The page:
Sensational Swimmer: Meet Justyn Grayce Moceros

Building her relationship with swimming


Gliding through the water, junior Justyn Grayce Moceros races towards the finish line. She has been swimming since she was 4. “I like how swimming is more of an individual sport,” Moceros said. “You don’t really have to rely on other people, which I really like. I don’t really like to depend on people because people usually tend to disappoint you and it’s better to just make sure that you can do things yourself.”

Yaritzza Montenegro, Staff Writer

As the water’s surface gives way, junior Justyn Grayce Moceros is hit with a wave of silence. Moceros had a difficult time retaining motivation to continue the sport, but was able to overcome most of those feelings.

“When I was around 3 or 4 years old, I almost drowned at a beach in the Philippines because my uncle fell asleep when he was supposed to be watching me,” Moceros said. “Another time when I was around the same age, I tripped and fell in the water at an outdoor pool and almost drowned again. Because of these instances, my parents enrolled me into recreational swim classes.”

Moceros started her swimming journey on a recreational team at Desert Breeze Aquatic Center. She finds being underwater as escape from her stress.

“When you’re swimming, there is this quietness that is really calming and therapeutic for me,” Moceros said. “If I am stressed with school or anything else, the water blurs everything else since you can’t hear anything and can just concentrate on doing your laps.”

Sandpipers, one of the best teams in the country, accepted her into the team. However, she did not follow through with it and swam with Team Rebel Aquatics this previous summer instead. She has also been on the Sierra Vista High School’s swim club since freshman year.

“In my freshman year my team and I went to regionals or sectionals,” Moceros said. “I remember it a lot since there were a lot of people there and it was my first big swim meet. I liked the intensity and competitiveness of it. It wasn’t like a regular swim meet where everyone doesn’t seem to really care, here everyone was cheering for each other which I thought was really cool.”

While being a club swimmer, Moceros was expected to practice 2-3 hours a day, six times a week with breaks during those practices, making it difficult for other priorities.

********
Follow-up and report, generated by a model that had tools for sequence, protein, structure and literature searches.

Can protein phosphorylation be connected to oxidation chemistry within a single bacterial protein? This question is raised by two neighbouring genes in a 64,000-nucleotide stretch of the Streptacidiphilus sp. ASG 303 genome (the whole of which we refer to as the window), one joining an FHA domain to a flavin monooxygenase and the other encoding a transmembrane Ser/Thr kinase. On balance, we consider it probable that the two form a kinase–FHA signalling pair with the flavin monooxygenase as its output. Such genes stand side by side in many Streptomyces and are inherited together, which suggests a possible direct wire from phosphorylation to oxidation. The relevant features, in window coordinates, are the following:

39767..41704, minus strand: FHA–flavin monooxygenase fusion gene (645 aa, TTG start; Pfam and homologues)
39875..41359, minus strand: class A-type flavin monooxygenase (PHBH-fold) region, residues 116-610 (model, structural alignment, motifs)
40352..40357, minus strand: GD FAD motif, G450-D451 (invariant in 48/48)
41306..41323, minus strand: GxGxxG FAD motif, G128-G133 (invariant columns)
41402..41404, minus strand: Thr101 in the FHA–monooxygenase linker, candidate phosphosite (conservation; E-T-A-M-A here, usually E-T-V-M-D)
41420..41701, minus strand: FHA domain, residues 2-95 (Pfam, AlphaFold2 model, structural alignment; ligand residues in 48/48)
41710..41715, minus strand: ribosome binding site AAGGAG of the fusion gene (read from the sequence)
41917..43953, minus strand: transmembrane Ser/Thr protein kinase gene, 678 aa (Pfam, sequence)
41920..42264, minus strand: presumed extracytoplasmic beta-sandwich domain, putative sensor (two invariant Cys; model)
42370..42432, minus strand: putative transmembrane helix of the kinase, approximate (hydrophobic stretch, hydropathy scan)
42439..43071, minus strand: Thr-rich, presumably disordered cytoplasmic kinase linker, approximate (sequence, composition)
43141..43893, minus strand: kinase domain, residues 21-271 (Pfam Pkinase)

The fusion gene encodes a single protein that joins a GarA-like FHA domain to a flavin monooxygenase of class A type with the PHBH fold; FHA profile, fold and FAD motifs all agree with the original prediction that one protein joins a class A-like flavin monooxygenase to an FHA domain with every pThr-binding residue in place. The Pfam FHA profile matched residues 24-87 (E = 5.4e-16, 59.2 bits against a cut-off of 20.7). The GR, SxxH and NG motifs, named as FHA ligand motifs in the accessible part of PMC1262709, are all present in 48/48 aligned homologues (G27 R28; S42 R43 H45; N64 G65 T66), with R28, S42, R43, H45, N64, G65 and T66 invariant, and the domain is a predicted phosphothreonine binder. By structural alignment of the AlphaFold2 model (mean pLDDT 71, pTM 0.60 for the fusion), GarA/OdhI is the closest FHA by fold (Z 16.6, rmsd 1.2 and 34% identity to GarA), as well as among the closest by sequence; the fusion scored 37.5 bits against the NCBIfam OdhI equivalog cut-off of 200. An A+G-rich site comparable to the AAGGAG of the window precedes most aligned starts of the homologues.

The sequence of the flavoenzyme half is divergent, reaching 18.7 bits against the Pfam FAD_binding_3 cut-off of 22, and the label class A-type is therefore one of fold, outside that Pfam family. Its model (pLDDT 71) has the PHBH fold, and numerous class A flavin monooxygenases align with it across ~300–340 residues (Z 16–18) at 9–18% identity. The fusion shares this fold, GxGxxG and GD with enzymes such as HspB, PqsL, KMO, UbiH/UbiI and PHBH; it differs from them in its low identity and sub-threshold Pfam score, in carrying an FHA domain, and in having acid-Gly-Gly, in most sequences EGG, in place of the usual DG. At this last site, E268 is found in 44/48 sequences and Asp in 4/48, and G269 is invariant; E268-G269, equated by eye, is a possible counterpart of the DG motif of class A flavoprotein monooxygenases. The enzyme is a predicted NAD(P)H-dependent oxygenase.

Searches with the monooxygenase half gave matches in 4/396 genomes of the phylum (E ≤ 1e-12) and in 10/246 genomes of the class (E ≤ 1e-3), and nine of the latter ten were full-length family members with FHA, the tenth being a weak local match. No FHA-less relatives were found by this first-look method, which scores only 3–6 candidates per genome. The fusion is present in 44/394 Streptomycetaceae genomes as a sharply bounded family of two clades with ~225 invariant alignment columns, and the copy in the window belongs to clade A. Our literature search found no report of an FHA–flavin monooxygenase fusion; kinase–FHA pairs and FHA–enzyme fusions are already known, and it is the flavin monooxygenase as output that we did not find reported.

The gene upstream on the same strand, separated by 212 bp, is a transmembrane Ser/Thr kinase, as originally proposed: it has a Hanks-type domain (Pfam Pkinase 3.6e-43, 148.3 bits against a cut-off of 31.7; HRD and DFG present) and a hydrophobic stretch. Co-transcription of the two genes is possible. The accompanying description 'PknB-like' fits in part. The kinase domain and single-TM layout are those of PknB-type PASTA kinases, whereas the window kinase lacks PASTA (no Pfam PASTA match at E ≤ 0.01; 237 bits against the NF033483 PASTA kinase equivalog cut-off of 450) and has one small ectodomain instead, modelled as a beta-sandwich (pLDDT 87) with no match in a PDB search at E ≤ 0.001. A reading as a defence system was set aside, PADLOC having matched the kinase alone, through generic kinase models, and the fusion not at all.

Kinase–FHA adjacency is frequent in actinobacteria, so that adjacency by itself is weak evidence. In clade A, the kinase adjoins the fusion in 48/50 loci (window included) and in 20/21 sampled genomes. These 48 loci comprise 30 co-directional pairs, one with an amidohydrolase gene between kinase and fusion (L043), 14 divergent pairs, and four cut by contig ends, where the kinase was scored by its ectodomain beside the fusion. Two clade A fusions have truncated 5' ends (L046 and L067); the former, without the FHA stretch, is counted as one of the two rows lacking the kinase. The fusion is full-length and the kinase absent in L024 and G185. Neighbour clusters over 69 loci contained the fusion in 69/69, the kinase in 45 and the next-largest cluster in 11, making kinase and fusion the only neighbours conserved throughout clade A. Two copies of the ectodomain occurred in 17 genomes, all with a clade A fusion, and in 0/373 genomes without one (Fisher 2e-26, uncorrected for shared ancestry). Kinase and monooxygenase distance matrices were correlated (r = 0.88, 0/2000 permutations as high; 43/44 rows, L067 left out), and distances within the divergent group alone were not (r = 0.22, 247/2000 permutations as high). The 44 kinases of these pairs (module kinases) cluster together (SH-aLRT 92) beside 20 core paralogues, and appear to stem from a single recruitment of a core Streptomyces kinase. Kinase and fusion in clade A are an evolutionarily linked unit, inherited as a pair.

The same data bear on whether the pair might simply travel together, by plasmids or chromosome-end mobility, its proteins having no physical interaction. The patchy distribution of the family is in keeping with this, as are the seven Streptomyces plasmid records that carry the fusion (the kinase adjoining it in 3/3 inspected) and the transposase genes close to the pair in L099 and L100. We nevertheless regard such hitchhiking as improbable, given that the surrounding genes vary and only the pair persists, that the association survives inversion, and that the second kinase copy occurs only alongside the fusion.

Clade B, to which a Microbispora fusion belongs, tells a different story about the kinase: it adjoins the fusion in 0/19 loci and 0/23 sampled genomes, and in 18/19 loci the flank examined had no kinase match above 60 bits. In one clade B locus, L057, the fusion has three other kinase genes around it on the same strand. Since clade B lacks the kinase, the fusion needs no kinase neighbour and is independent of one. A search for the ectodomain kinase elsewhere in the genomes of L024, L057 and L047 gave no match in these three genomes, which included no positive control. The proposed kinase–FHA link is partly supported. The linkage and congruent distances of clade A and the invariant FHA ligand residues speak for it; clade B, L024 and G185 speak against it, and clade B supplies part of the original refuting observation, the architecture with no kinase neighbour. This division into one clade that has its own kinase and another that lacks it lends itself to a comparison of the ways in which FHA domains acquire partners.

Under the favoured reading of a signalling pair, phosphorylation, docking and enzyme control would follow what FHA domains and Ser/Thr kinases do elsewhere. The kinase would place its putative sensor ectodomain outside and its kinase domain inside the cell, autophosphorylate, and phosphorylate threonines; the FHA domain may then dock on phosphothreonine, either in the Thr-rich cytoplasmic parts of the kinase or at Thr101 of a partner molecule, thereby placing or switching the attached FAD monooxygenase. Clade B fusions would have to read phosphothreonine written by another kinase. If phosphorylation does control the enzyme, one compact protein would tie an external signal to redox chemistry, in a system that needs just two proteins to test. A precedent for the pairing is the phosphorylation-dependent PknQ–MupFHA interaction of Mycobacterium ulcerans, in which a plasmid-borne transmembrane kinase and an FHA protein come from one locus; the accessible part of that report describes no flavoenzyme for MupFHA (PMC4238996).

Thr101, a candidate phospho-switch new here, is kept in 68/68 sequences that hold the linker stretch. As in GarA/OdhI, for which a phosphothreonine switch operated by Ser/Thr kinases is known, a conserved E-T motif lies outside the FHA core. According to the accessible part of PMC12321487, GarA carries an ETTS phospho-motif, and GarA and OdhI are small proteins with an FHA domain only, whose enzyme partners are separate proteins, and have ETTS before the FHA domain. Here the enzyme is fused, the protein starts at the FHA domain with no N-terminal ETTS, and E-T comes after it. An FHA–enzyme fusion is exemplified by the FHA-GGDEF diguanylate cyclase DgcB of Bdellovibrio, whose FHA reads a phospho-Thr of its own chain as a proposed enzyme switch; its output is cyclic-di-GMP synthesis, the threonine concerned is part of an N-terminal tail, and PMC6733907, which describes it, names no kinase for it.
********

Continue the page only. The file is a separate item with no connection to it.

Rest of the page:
“Almost everyday swimming is a physical struggle because swimming uses literally every muscle in your body at such a rapid pace,” Moceros said. “Waking up the day after practice or a meet feels like there’s just weights all over your body holding you down. The soreness is definitely a downside but weirdly enough I like pain and I’ve been taught that pain shows how hard you’ve worked and come from.”

Swimming for so long, Moceros began to feel as though she was being forced to participate in the sport. 

“I would either be told that I was being lazy or it was just the beginning and that’s how it always is,” Moceros said. “At one point, going to practice would be the worst part of my day and I dreaded it. I made up excuses so I wouldn’t need to go and became a bad version of myself. My mental health was terrible, I felt drained all the time and had almost no energy left for anything.”

Sierra Vista swim team’s captain senior Leah Johnson, views her as a valuable asset to the team.

“Justyn has brought a lot of dedication and motivation,” Johnson said. “She will show up to as many practices as possible, more than most. She’s at every meet and there for all of us always. For every team relay whether she’s feeling it or not she’ll swim her hardest for the rest of us.”

Moceros has not thought about quitting entirely. Even if she didn’t continue club swimming, she would still want to compete for her zone school.

“I’d like to believe that I do have at least some passion for swimming, but there are also just other areas of my life that I’d rather focus on,” Moceros said “For example, finding time for my family and friends is definitely one of those areas that become so limited when actively participating in a sport.”